Comment: Eric Torrell’s tragic story shows more must be done to educate police on mental health

The mistaken killing of a man with Down’s Syndrome in Stockholm last week has sparked a new debate about the police.

Eric Torrell, 20, was confronted by armed officers after various reports were made to them concerning a man with a gun in the city centre.

But that gun was a toy and when Eric did not comply with the order to put down the alleged weapon – his mother says because his autism made it difficult for him to articulate sentences – the police said he acted ‘threateningly’ so shot and killed him.

It is a sickening case, but was this police brutality or an example as to why police should not carry guns? Or perhaps it was a simple mistake or an illustration of police misconduct.

But without a shadow of a doubt it raises some ethical questions. Eric had mental health problems and simply did not understand what was happening around him, and for that he received the worst punishment possible.

He was mistreated and deserves justice, but how can this be achieved?

Many may argue the police officer who took Eric’s short life away should be fired or, at least, penalised, but is this realistic in our universally corrupt systems?

Countless excuses are made for police officers, their gallant duties often outweigh the way they abuse their power.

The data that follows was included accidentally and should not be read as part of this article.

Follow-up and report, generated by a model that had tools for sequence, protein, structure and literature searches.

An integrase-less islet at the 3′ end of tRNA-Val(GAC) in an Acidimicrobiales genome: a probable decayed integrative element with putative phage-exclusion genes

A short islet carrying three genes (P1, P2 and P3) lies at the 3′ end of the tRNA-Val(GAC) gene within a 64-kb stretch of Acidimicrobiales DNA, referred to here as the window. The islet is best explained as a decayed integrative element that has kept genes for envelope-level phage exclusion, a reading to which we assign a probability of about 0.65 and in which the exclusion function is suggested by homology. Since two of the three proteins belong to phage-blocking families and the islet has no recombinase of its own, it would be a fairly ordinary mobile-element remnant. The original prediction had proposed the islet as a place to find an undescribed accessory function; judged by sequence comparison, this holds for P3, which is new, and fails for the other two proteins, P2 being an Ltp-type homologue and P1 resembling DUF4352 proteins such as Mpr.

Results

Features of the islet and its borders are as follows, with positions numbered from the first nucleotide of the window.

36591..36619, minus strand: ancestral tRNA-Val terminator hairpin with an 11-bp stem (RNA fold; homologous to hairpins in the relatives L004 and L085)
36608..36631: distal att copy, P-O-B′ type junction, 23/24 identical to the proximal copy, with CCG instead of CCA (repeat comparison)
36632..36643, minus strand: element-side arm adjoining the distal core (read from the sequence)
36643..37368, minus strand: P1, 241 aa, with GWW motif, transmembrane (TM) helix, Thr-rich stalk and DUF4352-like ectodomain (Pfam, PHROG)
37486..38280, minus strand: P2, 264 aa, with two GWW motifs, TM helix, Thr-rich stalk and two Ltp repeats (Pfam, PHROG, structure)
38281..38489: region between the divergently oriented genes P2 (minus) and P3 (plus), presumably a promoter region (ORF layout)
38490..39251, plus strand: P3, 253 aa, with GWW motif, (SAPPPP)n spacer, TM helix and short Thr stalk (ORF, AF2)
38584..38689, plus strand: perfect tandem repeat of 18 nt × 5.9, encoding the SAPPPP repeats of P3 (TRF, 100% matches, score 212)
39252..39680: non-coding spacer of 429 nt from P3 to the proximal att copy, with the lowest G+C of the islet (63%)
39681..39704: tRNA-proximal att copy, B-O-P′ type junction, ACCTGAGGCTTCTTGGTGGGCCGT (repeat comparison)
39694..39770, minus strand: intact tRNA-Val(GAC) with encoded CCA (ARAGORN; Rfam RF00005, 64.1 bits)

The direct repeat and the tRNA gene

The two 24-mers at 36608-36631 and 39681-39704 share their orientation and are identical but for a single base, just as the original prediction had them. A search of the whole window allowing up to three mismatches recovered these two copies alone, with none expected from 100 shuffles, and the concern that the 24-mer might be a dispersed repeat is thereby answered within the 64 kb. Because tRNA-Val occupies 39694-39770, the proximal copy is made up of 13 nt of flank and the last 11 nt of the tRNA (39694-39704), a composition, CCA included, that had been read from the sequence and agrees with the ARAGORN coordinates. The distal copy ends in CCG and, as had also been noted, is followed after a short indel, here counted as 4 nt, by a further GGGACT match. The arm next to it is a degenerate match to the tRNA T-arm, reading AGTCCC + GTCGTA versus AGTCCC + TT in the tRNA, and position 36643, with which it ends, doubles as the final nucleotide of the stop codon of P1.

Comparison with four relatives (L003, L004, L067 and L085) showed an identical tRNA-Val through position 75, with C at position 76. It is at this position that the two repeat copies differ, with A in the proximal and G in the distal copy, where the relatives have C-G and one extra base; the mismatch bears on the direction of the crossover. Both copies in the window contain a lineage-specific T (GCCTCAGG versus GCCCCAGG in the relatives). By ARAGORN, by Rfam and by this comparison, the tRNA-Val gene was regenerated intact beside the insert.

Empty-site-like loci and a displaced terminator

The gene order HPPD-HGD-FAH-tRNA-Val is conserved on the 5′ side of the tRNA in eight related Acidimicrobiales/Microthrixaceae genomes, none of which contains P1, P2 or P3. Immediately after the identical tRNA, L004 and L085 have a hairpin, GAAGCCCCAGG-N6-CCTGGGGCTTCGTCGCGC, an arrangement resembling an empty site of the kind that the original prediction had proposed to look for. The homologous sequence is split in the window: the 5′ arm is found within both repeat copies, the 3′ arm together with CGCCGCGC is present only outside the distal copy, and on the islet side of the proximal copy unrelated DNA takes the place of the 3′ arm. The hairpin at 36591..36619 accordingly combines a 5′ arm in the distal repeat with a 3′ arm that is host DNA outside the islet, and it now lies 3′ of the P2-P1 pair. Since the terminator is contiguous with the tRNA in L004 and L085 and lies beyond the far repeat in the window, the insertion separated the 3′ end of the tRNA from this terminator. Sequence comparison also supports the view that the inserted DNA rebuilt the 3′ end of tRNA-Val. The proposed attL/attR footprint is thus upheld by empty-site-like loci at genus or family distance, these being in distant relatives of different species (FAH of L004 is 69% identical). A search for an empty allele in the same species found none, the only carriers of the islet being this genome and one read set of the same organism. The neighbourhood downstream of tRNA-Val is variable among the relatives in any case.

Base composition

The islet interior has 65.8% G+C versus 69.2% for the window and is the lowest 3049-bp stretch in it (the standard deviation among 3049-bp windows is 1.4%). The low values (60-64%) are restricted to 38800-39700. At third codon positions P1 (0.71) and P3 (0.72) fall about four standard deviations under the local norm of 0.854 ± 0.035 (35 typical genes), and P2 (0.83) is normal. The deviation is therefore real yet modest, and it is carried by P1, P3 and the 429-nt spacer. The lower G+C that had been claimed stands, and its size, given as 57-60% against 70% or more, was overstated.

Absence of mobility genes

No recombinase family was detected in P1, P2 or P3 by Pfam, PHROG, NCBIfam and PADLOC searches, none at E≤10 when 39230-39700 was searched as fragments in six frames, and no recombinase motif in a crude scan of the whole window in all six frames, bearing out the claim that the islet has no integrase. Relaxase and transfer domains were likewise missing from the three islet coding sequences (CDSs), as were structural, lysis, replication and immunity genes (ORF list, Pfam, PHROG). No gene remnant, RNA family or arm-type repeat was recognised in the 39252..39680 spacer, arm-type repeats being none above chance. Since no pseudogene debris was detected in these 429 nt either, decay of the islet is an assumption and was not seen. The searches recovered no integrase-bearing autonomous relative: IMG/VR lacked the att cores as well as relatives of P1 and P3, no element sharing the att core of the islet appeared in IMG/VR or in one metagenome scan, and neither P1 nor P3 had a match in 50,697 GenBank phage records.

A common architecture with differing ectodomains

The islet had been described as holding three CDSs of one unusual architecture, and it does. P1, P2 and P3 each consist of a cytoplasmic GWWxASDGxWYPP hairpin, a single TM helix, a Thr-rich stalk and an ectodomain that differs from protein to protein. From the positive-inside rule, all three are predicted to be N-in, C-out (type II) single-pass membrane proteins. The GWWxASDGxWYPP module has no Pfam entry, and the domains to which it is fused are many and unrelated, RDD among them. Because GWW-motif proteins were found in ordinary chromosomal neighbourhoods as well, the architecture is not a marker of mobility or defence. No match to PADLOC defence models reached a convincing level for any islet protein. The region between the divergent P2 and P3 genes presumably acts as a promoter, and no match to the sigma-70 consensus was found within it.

But they need to be better informed of how to deal with people like Eric who have mental health problems and other disabilities, which leave them unaware of how their innocent actions may be perceived.

Take Derek Bentley for example, a 19-year-old man who had the mental age of a 12-year-old and was executed in 1953 over his misunderstood part in the murder of a policeman.

His family battled to receive justice for him and it took them 40 years to get a posthumous pardon and then another three to get his murder conviction quashed.

That case helped to change the course of the English punishment system.

It is not that people who are disabled should be completely excused for any behaviour, it is knowing the difference between protecting them and cruelty.

Perhaps the Swedish police did truly believe they were in danger, but the sad case of Eric Torrell demonstrates things need to change.

There must be better systems in place to ensure another innocent person doesn’t needlessly lose their life.

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